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In The News

In the New York Times, Maureen Sherry shares some personal anecdotes, all-too-familiar to many of us, about her time as a rare female trader on Wall Street. She describes not just becoming “one of the boys” but also having to put up with targeted harassment and hazing-style pranks because of her gender; even worse, her acclimation to that culture.

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I shared a funny story about my first day on Wall Street, when I opened up a pizza box to find condoms instead of pepperoni slices. Unwrapped. I was “the new girl,” and the guys just wanted to see me blush. I did blush, and I lived.

“It’s not that bad anymore,” I said with a laugh [to a female job candidate I was interviewing at the time].

She was horrified. “How could you stand that?”

“Stand what?” I thought to myself.

In male-dominated professions, change has been slow, despite legislative and organizational efforts. Sherry says that trading firms, in fear of gender-discrimination accusations, have developed intricate contractual protections that have done nothing to fix either the pay gap or the glass-ceiling/elevator, or the cultures of initiation and performativity that workplace social networks enforce.

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Similar reports from an array of male-dominated professions paint a dour picture: from finance to law and the sciences, women find themselves changing their personalities and habits to fit in—often subconsciously. The ways women silence themselves in order to be accepted in masculine workplaces then propagate, as those women are responsible for hiring and mentoring the next generation.

Louise Marie Roth, who has published extensively about gender on Wall Street, described it as a problem of tokenism: displaying and performing class and gender signifiers that will allow others to “select” you if you’re similar enough to themselves. In her studies she found women that had succeeded as far as management positions were known for adopting masculine traits, and had somehow succeeded at the “double standard” of retaining some and rejecting other feminine traits:

The abstract Wall Street worker was clearly masculine, requiring female securities professionals to exhibit ‘masculine’ personality traits to prove their competence. However, these women also faced expectations that they would behave in appropriately feminine ways, and therefore less competently, while they had to demonstrate superior competence at jobs defined by masculine stereotypes. … [F]emale respondents in positions in which they had to manage others encountered contradictory double standards: they were supposed to be feminine and nice, on one hand, and possess the male characteristics of firmness and authority, on the other.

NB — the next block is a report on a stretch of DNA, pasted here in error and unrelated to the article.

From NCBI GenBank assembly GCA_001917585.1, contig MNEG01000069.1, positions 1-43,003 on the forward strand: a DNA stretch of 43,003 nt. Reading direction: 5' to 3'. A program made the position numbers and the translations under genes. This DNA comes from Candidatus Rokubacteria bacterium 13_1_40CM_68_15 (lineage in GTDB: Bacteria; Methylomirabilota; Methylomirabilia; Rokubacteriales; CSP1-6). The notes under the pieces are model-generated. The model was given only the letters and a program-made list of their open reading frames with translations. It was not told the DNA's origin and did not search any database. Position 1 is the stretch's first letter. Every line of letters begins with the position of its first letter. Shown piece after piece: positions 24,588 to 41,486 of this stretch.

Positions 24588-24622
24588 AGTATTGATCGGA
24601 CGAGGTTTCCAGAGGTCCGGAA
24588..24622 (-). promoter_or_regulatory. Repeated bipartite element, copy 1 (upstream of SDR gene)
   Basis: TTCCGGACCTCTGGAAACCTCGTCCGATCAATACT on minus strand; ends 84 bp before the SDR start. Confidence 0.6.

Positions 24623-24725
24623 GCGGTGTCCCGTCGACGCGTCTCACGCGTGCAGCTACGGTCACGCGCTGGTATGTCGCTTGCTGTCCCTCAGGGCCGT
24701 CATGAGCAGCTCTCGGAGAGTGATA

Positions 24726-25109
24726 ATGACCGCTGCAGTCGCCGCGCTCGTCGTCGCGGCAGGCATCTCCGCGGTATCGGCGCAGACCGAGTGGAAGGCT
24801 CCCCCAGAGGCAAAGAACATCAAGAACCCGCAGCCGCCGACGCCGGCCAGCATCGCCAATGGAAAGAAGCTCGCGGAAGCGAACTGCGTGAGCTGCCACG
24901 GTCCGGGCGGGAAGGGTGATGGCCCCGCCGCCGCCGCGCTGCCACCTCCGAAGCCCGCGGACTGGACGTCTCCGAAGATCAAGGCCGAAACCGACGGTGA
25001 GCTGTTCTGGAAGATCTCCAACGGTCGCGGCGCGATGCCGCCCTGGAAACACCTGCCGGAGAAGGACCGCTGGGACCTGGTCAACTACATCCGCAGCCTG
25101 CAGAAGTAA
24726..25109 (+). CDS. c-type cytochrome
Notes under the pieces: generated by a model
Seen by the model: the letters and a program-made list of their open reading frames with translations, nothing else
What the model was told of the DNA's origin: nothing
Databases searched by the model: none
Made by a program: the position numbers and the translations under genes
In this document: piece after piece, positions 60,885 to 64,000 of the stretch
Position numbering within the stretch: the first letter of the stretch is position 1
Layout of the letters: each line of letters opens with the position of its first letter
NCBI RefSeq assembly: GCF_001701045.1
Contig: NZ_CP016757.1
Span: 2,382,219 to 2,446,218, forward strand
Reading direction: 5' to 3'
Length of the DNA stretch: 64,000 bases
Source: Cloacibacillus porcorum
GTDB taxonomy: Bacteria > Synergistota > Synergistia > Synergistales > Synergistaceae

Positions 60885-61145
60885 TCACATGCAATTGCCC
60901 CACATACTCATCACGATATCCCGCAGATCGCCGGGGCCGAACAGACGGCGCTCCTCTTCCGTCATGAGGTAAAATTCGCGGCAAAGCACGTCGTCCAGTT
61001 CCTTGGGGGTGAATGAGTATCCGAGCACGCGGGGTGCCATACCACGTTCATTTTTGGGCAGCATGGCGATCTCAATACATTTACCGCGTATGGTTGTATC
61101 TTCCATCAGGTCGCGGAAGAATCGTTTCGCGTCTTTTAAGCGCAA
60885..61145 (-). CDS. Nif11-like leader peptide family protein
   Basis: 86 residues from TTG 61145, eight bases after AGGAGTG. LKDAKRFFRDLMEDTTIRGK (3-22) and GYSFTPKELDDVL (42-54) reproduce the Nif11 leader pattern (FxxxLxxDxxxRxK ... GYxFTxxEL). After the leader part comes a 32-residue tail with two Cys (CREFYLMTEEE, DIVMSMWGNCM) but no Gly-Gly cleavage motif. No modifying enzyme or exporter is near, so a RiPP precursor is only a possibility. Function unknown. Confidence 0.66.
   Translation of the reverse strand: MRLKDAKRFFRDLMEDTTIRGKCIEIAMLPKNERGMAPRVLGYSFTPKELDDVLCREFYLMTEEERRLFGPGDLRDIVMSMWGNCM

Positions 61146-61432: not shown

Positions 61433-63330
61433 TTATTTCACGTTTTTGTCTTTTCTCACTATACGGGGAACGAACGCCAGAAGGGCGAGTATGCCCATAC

There’s also Laura Rhoton’s research on science, technology, engineering, and math workers, reported in Gender and Society in 2011. The female scientists she spoke to expressed distinctions between themselves and more feminine women, both in and outside their professions. Rhoton concludes that to “fit in” in STEM fields, women have to adopt a performative masculinity and distance themselves from feminine behaviors and traits:

… some of my respondents’ comments indicate a desire to distance themselves from stereotypical femininity by disparaging women who they believe possess feminine characteristics or engage in feminine practices. The respondents in this category often cite professional demands and expectations regarding the qualities of scientists when discussing what they perceive as unprofessional or negative traits and behaviors in other women colleagues.

Rhoton reports only one respondent who felt pressure to dress and act more feminine, in order to “be a role model” for young women who may be interested in joining her profession.

Training for gendered work performances can even start early: Lani Guinier, Michelle Fine, Jane Balin, Ann Bartow and Deborah Lee Stachel performed extensive research on the students of the University of Pennsylvania’s law school. In-person interviews, written narratives and surveys, and academic performance data were all used to show the “insidious effects of gendered stratification in law school ‘socialization.’” Their most effective contrast is between first-year and final-year female law students:

These women describe a dynamic in which they feel that their voices were ‘stolen’ from them during the first year. Some complain that they can no longer recognize their former selves, which have become submerged inside what one author has called an alienated ‘social male.’

Besides the self-reported feelings of alienation and enforced masculinity, the female students of their study also received fewer honors and lower grades over the course of law school, despite entering with the same credentials as the males in their cohort. One of the most affecting parts of this study is how female and racial-minority students report their class participation as performances, where they feel the pressure to speak for their entire demographic; many instead chose not to speak at all.


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Sociological Perspectives, Vol. 47, No. 2 (Summer 2004), pp. 189-214
Published by Sage Publications, Inc.
Gender and Society, Vol. 25, No. 6 (December 2011), pp. 696-716
Published by: Sage Publications, Inc.
University of Pennsylvania Law Review, Vol. 143, No. 1 (Nov., 1994), pp. 1-110
Published by: University of Pennsylvania Law Review